Since 1996, the term “chartered certified accountant” has been used to define a British qualified accountant and is awarded to qualified applicants by the Association of Chartered Accountants. This elite group of accountants, granted Royal Charter by the Queen, specializes in business accounting, management accounting, financial accounting and even forensic accounting, among others. While many choose to take the private business route, others prefer the organized confines of a government agency.
Not surprisingly, the Association of Chartered Certified Accountants, or ACCA, is the world’s fastest growing accountancy groups. Currently, there are more than 140,000 members, more than 400,000 affiliates and the association is present in at least 150 countries. The group is headquartered out of London, England and dates back to the early 1900s. It initially began as the London Association of Accountants and its goal was to provide transparency in the financial industry. It was not until 1930, however, that the group was finally given the green light to audit companies. After several merges and reformations, in 1974, the Royal Charter was extended and in 1995, the name that is now known was bestowed onto the association and the elite members were allowed to use the designated Chartered Certified Accountant.
The standards are the highest found in any country in the world and current qualifications include fourteen professional examinations, thirty six months of supervised accountancy experience and upon completion of Part 2 of the Professional Scheme, a degree in Applied Accounting is then required from students. The minimum guidelines are quite definitive and unyielding. While there are the occasional exemptions from at least part of the fourteen examinations, students are required to prove their knowledge in financial accounting, management accounting, taxation, company law, financial management, corporate reporting, audit and assurance and financial reporting prior to any exemptions being extended.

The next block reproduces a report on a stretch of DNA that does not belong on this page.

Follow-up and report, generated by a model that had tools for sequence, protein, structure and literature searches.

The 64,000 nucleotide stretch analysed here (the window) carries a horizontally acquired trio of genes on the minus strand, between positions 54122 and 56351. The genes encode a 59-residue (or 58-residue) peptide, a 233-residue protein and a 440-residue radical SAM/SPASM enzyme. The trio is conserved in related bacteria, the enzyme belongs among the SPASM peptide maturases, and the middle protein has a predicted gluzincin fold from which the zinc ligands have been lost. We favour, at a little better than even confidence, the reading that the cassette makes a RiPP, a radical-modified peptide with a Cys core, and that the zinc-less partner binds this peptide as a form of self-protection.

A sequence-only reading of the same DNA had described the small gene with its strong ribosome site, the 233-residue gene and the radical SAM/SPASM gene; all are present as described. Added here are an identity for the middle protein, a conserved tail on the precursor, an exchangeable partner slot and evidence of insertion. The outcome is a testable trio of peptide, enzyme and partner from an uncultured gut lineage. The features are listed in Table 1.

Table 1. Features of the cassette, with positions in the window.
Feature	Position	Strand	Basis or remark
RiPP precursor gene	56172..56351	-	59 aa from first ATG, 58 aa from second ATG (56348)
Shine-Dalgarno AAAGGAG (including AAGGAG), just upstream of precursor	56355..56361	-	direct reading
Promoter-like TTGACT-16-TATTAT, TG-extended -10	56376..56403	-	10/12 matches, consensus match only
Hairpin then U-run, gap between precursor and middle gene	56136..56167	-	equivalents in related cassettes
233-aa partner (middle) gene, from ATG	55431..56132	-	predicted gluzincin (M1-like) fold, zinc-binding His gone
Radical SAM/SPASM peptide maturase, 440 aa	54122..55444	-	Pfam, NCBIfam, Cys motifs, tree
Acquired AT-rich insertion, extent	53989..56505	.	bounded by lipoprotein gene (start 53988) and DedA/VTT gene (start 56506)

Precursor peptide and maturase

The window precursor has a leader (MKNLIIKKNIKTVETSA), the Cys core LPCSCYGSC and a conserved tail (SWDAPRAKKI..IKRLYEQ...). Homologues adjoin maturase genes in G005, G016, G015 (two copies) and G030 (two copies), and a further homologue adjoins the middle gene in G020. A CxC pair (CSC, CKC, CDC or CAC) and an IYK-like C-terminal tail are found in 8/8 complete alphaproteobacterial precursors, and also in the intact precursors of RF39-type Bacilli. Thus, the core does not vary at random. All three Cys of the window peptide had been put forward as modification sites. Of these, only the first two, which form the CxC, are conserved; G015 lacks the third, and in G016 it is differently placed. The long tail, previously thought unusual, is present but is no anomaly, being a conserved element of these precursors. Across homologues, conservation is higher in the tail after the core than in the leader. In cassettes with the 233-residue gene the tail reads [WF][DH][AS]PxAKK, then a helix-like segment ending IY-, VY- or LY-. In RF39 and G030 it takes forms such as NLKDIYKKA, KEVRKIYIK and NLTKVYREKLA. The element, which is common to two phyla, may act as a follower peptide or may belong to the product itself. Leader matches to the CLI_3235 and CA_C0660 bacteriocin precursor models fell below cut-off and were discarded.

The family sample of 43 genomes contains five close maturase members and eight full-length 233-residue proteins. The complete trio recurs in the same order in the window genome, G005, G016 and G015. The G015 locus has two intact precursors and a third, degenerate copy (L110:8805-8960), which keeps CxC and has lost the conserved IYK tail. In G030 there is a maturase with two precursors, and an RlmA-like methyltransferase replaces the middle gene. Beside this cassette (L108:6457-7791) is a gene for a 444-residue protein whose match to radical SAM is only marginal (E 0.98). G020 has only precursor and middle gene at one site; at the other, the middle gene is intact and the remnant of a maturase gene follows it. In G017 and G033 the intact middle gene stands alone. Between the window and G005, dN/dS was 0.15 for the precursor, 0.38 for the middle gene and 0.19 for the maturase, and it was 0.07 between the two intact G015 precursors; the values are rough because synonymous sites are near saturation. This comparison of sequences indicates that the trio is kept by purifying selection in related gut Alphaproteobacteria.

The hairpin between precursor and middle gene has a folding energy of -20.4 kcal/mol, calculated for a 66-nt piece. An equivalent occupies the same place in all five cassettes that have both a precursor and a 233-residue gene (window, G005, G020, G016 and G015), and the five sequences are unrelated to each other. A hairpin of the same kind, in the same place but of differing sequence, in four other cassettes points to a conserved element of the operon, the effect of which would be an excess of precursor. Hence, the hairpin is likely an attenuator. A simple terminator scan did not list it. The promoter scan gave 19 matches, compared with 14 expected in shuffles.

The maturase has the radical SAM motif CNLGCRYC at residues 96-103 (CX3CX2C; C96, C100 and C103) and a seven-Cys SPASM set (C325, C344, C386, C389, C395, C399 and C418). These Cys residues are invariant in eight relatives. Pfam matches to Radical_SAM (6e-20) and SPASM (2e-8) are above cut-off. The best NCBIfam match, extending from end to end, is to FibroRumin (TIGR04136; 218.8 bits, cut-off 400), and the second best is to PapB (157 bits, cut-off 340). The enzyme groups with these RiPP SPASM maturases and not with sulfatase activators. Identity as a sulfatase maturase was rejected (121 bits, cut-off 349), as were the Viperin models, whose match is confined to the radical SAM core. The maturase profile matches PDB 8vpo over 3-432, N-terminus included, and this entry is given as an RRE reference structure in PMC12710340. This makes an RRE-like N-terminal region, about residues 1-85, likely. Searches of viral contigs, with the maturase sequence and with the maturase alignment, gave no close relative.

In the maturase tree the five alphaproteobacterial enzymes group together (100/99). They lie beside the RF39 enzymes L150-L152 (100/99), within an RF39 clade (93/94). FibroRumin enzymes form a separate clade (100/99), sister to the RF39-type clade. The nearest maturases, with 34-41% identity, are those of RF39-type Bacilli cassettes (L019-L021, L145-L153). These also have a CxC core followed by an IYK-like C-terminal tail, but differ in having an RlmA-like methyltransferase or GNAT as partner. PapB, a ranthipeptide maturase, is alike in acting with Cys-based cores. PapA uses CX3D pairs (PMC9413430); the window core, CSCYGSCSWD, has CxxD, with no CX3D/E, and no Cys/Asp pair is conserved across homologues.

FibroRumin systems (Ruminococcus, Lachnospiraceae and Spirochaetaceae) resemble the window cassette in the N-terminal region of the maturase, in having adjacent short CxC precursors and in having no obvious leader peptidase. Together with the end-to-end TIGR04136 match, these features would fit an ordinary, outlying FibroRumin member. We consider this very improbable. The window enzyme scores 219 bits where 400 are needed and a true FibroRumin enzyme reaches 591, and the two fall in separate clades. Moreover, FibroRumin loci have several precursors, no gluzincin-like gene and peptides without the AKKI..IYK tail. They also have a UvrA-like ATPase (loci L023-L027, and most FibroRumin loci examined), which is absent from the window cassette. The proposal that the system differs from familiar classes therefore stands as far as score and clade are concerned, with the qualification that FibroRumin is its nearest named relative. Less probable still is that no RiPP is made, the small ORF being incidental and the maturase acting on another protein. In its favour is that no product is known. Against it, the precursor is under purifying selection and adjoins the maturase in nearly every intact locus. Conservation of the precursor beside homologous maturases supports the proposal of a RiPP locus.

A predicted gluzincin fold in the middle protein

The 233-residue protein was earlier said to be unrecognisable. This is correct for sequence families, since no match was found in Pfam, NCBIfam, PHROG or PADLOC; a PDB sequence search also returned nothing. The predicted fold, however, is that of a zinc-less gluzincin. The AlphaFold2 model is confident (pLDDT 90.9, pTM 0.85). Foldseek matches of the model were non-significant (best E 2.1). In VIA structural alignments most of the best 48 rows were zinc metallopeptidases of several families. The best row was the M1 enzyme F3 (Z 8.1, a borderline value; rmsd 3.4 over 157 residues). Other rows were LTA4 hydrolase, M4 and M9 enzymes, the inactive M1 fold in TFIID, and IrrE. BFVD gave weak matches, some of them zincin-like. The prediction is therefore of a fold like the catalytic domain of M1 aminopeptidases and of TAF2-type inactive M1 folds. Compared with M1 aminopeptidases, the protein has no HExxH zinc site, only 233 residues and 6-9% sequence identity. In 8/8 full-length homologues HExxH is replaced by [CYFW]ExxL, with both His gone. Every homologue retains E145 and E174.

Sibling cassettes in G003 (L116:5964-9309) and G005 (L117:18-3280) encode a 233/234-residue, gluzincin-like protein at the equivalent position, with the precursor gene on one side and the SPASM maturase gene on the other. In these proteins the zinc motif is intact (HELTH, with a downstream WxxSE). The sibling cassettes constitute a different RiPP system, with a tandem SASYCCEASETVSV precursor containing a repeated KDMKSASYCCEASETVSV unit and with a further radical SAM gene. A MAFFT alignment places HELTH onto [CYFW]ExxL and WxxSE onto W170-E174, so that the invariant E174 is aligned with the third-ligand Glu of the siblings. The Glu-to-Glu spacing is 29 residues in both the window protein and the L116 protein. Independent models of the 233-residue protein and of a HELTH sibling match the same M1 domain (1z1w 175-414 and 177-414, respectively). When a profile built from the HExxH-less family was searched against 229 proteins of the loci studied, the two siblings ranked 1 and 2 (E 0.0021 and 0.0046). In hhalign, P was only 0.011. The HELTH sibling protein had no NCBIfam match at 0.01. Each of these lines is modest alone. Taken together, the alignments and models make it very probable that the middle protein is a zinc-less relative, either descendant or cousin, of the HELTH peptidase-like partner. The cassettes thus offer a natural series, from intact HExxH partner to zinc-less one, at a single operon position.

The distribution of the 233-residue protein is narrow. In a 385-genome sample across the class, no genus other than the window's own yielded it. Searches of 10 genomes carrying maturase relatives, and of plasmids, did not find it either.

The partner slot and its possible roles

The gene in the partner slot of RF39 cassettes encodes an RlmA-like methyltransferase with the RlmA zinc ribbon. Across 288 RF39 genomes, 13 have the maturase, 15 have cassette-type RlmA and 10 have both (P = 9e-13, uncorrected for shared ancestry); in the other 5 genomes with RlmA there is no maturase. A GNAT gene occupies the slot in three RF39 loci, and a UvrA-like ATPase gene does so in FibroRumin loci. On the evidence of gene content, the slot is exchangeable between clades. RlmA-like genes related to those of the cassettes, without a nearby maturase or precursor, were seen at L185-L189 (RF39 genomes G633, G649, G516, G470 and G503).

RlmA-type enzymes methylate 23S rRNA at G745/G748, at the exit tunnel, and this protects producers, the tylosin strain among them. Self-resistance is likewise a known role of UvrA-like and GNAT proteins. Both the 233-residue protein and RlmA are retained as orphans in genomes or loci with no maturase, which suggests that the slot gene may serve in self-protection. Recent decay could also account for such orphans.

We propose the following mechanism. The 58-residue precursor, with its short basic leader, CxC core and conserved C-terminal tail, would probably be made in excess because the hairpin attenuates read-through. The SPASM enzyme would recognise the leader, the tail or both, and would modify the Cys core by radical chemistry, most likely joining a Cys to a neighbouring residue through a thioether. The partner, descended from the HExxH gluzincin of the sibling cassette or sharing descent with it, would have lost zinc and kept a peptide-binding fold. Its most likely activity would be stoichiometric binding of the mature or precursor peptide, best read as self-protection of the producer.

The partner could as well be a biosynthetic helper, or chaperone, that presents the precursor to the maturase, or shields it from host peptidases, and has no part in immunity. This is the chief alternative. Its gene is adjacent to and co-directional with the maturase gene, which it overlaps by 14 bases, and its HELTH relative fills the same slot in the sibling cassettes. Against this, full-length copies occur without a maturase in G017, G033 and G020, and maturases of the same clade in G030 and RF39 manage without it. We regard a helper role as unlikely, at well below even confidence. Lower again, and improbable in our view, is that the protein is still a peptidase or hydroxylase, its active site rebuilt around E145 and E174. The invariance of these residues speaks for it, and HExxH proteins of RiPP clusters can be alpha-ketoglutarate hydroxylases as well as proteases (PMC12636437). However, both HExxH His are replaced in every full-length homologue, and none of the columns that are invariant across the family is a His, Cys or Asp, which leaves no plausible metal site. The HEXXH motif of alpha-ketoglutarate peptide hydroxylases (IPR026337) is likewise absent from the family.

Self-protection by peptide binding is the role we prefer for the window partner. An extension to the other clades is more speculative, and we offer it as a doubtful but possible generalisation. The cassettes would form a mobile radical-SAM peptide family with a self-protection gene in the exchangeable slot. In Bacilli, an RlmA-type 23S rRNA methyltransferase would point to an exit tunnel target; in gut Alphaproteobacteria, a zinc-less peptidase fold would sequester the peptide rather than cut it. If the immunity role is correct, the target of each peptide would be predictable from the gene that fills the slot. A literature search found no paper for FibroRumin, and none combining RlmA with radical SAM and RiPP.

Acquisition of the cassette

A new syllabus, passed in December 2007 and put into effect right away, updated the qualifications as a result of the accountancy field and its advances. It is not uncommon, and in fact, is even expected, every several years and in accordance with the changes and updates in a global financial market. At one time, examinations were held on an annual basis; now, however, they are held bi-annually and in several countries. It is likely this could change as well as demand dictates from an ever expanding field.
Besides the United Kingdom and the Republic of Ireland, legal acknowledgement of the ACCA is left to each country. Members are afforded the option, in those countries that choose not to acknowledge the association, to apply for advanced standing when applicable. And too, there are those countries that don’t require this application and simply choose to extend the courtesy.
Finally, the ACCA offers its members certain access to those committees that acknowledge the body. The Financial Services Institute of Australasia recently signed a partnership agreement, as has the Institute of Internal Auditors, the Chartered Institute of Taxation and those professional bodies in Canada, the United States and several other European countries.